National Bank of Ukraine Governor Valeria Gontareva said that she had submitted her resignation to President Petro Poroshenko this morning, giving the government one month’s notice of her departure.
Gontareva’s last day at work will be May 10, should Ukraine’s parliament approve her resignation. “The reforms are done,” she said at an April 10 press conference with journalists at NBU headquarters in Kyiv.
The outgoing NBU chief didn’t say who would replace her, noting that she and President Poroshenko had discussed the matter three months ago and that she “gave her recommendations.” Her resignation follows months of rumors of her imminent departure.
Gontareva devoted much of the press conference to lauding her own and her team’s accomplishments, citing the nationalization of PrivatBank, the shutdown of more than 80 banks (about half of the nation’s banks) deemed insolvent, and the switch from a pegged to a floating hryvnia as key accomplishments that had “brought financial stability to Ukraine.”
“My mission is complete,” she added.
The changes came at a huge financial cost to Ukrainian taxpayers, who are on the hook for $20 billion in banking sector losses that are not likely to be recovered. In fact, despite the epic scale of the banking fraud, no one has been convicted of bank fraud in the nation.
Timothy Ash, an analyst at Bluebay Asset Management, called her tenure “transformational,” adding in a research note that her departure signals the beginning of “a tricky domestic political time for Ukraine, with the resignation of Gontareva being just one piece in the jigsaw.”
The IMF – which wired Ukraine a $1 billion tranche last week as part of its $17.5 billion lending program through 2018 – said that the NBU had “skillfully managed monetary policy,” and called for the government to “safeguard the NBU’s independence” going forward.
Among the candidates whose names have been floated to replace Gontareva, the front-runners are: Raifaissen-Aval CEO Volodymyr Lavrenchuk, Ukreximbank CEO Aleksandr Hrytsenko and former Prime Minister Arseniy Yatsenyuk.
Upon accepting Gontareva’s resignation, Poroshenko will have to submit his choice to the Rada, who will then approve it after accepting Gontareva’s resignation.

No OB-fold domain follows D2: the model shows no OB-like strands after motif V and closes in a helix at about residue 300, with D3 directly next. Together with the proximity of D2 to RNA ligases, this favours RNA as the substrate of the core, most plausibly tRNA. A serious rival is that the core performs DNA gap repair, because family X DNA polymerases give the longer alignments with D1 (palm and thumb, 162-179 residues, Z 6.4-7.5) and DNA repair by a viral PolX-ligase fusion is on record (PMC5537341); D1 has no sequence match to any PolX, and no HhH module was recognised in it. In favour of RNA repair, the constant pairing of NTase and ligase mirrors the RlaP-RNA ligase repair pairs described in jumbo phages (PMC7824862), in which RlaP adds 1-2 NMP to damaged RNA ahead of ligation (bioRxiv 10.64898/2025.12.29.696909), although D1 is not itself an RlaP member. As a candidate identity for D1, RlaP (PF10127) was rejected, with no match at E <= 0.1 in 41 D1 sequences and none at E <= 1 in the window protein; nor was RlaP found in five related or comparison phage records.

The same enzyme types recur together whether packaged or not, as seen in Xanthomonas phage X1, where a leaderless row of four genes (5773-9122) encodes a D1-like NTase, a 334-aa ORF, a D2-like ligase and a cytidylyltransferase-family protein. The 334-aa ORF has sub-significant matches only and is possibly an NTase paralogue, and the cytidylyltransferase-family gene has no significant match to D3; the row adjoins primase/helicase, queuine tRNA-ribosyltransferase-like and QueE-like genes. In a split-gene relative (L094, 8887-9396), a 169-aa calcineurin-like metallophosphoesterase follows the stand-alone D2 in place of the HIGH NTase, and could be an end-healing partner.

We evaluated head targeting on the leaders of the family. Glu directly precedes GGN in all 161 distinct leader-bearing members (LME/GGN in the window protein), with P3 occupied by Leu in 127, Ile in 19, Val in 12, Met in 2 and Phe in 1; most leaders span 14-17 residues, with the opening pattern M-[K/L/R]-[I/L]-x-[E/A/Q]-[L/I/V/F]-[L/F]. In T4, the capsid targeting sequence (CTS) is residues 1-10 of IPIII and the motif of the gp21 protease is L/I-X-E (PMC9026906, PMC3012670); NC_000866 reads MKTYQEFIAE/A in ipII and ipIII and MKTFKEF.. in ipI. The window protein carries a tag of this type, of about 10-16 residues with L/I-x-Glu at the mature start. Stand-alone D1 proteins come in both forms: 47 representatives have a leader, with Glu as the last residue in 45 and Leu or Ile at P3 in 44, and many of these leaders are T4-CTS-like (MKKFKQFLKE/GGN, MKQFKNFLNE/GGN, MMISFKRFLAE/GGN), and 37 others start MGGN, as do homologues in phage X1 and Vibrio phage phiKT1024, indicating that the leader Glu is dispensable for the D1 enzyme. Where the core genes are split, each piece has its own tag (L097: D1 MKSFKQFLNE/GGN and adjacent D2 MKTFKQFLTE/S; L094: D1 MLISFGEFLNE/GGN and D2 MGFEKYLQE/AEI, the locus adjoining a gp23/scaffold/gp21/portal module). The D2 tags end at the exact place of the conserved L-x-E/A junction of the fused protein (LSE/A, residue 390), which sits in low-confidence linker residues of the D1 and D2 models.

There are also widespread allegations that the owners of collapsed banks have been allowed to withdraw money en masse from their financial institutions in the weeks leading up to their closure. Leaked October recordings of NBU Deputy Governor Kateryna Rozhkova appeared to show her falsifying capitalization data on banks, adding another wound to Gontareva’s tenure.
Ukrainian nationalists have accused Gontareva of favoring Russian banks in her efforts to clean up Ukraine’s banking system.
These accusations have aligned with the interests of some former bank owners, who appear to have used discontent with the NBU’s policy as a means of exerting political pressure on the bank’s leadership.
Some attacks revolve around the nationalization of PrivatBank in December. The bank was formerly owned by oligarch Ihor Kolomoisky, who, Gontareva said, loaned 100 percent of the bank’s corporate loan portfolio to companies linked to himself.
Gontareva complained of “political pressure” at the press conference, obliquely referencing an April 6 incident in which members of the Azov battalion-affiliated National Corps political party graffitied and blockaded Gontareva’s house, demanding her resignation.
The activists appeared with a film crew from 1+1, the Kolomoisky-owned TV channel. Gontareva said.
The outgoing NBU head also said at the conference that an audit of PrivatBank, commissioned by EY, had showed that Kolomoisky withdrew Hr 16 million ($593 million) the night before it was taken over.
Kolomoisky has denied allegations of self-dealing in relation to PrivatBank in the past, accusing the NBU of falsifying criteria used to measure the bank’s loan portfolio in a bid to take it over.
Rozhkova said that the NBU would release the full audit of PrivatBank in late April or early May.
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